Determination and Mapping of the Bearing Capacity of Subsurface Soil: A Case Study of Moi University, Eldoret Kenya

Sum Kipyego, Davis Sagini, Benard Omondi


Ground investigation is a prerequisite for any construction work that ultimately transfers its loads to the earth. Geotechnical investigation eliminates the uncertainties of ground conditions and can be planned for and considered accordingly during actual design and construction. In Kenya, ground investigation is not given the weight it deserves since most players in the sector use their experience and physical inspection to judge on the soil conditions. This is however very risky especially for high-rise buildings. Moi University, the case study, is one of the institutions that has in its plan, a series of construction developments. This study aimed at investigating, determining and mapping of index properties and bearing capacity of subsurface soil. Direct shear box and tri-axial tests results were used to map soil bearing capacity by geospatial interpolation within geographical information system platform (GIS). 9 trial pits mapped by triangulation and visual inspection were excavated and soil samples obtained at a depth of up to 3 m. The soil samples were tested for soil index and engineering properties and classified using the USCS approach. A relationship between tri-axial and direct shear box test results was developed by correlating soil bearing capacity results from the two tests. This paper provides a thematic map of the bearing capacity for the study area derived from spatial interpolation. Four geospatial interpolation methods namely; Ordinary Kriging (OK), spline, Natural Neighbour (NN) and Inverse Distance Weighting (IDW) were used. In this paper, the most suitable method for interpolating the soil bearing capacity of the four methods is provided. Six of nine sample test results were used for interpolation and the other three used for validation and error correction. Ordinary Kriging generated satisfactory results for soil bearing capacity for the study area with a relative error of 2.23 % and R2 of 0.9993. From the safe bearing capacity map, the ground conditions of the study area varied gradually with the bearing capacity ranging from   to . Generally, the amount of clay in the soil within the area affected to a large extent, the soil bearing capacity.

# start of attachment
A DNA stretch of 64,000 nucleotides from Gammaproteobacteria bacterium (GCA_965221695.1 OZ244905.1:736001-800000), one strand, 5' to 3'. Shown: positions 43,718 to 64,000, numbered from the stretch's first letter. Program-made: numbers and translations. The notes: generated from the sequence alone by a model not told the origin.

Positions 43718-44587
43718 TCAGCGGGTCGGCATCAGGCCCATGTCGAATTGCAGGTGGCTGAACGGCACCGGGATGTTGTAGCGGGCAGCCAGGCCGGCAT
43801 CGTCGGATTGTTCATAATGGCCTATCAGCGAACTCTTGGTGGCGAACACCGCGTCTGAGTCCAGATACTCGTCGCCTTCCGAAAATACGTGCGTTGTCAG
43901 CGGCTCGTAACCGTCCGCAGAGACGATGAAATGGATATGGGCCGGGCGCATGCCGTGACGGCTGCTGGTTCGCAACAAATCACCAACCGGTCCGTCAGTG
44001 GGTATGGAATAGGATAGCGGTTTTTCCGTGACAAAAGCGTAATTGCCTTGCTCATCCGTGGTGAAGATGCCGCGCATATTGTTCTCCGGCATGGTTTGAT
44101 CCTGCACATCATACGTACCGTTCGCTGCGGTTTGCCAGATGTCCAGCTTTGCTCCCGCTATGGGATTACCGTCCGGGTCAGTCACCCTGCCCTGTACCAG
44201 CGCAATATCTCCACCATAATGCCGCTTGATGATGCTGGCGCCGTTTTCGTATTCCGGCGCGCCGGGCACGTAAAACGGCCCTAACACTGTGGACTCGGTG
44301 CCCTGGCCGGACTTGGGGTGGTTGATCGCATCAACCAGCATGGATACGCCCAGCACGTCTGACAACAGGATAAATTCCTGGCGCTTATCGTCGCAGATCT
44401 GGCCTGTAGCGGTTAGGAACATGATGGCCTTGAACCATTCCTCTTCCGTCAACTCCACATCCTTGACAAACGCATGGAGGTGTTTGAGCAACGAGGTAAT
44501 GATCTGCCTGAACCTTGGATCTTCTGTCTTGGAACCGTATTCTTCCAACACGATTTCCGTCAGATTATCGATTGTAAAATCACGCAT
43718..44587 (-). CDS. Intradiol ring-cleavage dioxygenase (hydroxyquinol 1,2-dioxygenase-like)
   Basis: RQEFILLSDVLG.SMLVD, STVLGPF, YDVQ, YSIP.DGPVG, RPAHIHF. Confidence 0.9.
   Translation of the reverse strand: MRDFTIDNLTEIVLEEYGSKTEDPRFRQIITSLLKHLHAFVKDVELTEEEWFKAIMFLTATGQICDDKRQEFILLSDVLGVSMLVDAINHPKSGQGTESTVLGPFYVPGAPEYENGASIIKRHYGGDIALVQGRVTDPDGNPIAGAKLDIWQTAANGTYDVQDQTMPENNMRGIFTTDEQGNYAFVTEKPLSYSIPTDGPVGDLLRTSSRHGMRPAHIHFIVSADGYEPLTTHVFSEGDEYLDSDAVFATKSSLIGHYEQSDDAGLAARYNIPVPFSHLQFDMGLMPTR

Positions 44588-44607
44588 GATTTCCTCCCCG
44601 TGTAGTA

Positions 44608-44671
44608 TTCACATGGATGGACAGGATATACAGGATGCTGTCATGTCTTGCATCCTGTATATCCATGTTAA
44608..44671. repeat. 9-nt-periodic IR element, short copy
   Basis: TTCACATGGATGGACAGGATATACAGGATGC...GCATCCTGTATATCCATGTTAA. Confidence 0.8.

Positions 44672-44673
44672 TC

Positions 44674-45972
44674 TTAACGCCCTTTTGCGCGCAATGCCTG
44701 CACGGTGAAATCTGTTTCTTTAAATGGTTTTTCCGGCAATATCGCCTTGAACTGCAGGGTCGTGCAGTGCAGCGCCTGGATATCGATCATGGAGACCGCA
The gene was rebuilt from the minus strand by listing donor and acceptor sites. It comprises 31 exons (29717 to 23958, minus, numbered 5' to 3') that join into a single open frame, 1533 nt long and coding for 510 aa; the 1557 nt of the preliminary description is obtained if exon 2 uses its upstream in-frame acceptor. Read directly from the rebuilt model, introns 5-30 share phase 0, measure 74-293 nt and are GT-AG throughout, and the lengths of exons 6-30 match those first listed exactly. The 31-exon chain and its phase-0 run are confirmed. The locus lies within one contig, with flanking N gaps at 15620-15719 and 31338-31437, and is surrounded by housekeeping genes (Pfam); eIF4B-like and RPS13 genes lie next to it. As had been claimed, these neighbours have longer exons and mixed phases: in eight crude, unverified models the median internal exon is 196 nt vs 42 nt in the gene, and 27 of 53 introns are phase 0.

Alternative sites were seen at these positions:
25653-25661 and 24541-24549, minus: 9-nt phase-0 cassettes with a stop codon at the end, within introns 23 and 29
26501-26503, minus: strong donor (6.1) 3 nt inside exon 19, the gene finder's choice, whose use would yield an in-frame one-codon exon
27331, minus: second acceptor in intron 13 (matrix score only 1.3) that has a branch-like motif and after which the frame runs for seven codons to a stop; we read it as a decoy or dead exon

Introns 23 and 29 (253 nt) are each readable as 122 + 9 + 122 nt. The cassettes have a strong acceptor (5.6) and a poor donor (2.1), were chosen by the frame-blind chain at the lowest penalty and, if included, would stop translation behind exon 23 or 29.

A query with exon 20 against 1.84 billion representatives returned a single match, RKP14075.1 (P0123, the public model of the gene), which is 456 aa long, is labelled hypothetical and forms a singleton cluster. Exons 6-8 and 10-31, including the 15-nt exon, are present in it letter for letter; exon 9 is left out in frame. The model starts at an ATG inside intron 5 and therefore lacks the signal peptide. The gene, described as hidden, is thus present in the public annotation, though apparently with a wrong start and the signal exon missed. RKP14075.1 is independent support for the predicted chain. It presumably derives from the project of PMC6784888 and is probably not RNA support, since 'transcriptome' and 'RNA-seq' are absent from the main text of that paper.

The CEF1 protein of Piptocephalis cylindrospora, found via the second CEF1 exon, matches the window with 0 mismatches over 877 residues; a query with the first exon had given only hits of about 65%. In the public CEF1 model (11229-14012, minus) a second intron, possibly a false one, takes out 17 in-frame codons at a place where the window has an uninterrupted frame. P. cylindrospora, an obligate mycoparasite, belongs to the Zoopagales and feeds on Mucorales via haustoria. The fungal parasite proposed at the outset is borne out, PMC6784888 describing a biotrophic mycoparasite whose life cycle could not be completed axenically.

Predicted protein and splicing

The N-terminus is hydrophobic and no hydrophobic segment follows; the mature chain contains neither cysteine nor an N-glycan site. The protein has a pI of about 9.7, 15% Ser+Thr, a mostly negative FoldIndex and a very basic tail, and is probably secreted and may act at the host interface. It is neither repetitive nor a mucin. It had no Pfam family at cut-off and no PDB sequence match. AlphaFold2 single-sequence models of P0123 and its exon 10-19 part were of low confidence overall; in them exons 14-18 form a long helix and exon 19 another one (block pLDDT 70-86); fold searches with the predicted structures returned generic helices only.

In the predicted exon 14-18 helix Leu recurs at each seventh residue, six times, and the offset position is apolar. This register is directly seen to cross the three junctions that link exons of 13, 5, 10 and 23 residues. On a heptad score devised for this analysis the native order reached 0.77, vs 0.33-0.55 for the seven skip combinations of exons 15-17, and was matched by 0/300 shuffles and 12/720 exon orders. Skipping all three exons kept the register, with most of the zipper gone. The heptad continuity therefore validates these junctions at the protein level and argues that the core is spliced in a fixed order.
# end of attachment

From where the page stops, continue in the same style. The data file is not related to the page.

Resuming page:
Keywords: Soil bearing capacity, Geospatial interpolation, Deterministic interpolation, correlation.

DOI: 10.7176/CER/12-7-05

Publication date:July 31st 2020

Full Text: PDF
Download the IISTE publication guideline!

To list your conference here. Please contact the administrator of this platform.

Paper submission email:

ISSN (Paper)2224-5790 ISSN (Online)2225-0514

Please add our address "" into your email contact list.

This journal follows ISO 9001 management standard and licensed under a Creative Commons Attribution 3.0 License.

Copyright ©